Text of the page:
Maksim's Review of The Words
Hypnotizing and engrossing, The Words is a powerful drama which explores the depths of modern morality, truth and integrity. Meant to be a possible Oscar-contender, it gets undeservedly panned by the critics while it surely delivers a wonderful and thoughtful story. With slow, but stylish development, complex construction and formidable male performances, The Words is a rich, emotional and elegant drama which provokes and ultimately satisfies those looking for a movie filled with existential questions without answers.
From first sight, the construction of The Words seems complex and chaotic having a story within the story, within the story. The initial two-layer story of Bradley Cooper and Dennis Quaid gets enriched by the one of Jeremy Irons. Just when one could thing that this would make Brian Klugman and Lee Sternthal's movie awfully heavy and slow, the movie opens further more to the audience and provokes it with the questions it asks and the conclusions it makes. The Old Man's story is probably the best part of the movie and it reveals the true meaning of depicting Cooper and Quaid's ones. His story and the overall Jeremy Irons' performance give this movie something more, something provoking, melancholic and hypnotizing. Irons and his character are so influential, that they change the course and the whole mood of the movie. What starts as a story about writing and the hard, dramatic life of becoming a recognized writer, turns into an essay, a meditation on life, truth, choices and guilt. Three generations of men face the questions and hard reality of making a choice and living with it and the consequences of it.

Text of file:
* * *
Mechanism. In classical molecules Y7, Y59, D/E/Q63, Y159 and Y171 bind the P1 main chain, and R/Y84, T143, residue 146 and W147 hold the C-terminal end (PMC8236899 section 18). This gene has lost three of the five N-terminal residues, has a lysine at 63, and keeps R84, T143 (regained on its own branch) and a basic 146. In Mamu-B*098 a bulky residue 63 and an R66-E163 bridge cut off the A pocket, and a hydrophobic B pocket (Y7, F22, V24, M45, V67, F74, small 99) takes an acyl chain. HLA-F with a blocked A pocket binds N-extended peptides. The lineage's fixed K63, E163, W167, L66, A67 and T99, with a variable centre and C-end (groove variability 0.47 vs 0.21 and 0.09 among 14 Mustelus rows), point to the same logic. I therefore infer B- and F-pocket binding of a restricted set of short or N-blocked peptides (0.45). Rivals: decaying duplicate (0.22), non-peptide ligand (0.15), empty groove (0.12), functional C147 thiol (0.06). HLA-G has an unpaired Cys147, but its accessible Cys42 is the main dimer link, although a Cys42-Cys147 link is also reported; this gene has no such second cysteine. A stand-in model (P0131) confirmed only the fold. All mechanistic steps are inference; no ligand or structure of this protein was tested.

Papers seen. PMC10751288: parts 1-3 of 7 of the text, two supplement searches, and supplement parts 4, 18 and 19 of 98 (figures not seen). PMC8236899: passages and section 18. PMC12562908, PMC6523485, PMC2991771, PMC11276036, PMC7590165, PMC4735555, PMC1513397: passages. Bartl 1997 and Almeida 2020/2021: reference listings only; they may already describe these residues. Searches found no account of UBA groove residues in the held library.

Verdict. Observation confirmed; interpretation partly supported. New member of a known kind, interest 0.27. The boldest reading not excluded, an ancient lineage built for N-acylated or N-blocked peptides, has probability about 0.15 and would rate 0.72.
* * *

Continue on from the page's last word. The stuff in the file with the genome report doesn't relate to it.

One of the strongest characteristics of The Words (and this is probably why it got so many negative reviews) is that it is not as dramatic as some have expected. It has its certain dramatic load, but it lies not in the characters and their stories, but in the existential message which the movie delivers. That is also how it ends: quite open, letting you think about it long after its final credits. On a side note, it should be mentioned that The Words' music score is absolutely amazing and it completes the story in a way in which few music scores do.
In conclusion, The Words may not have received the reception it deserved (in my humble opinion), but it is a movie which would please those who search for though-provoking content, unanswerable existential questions and terrific performances.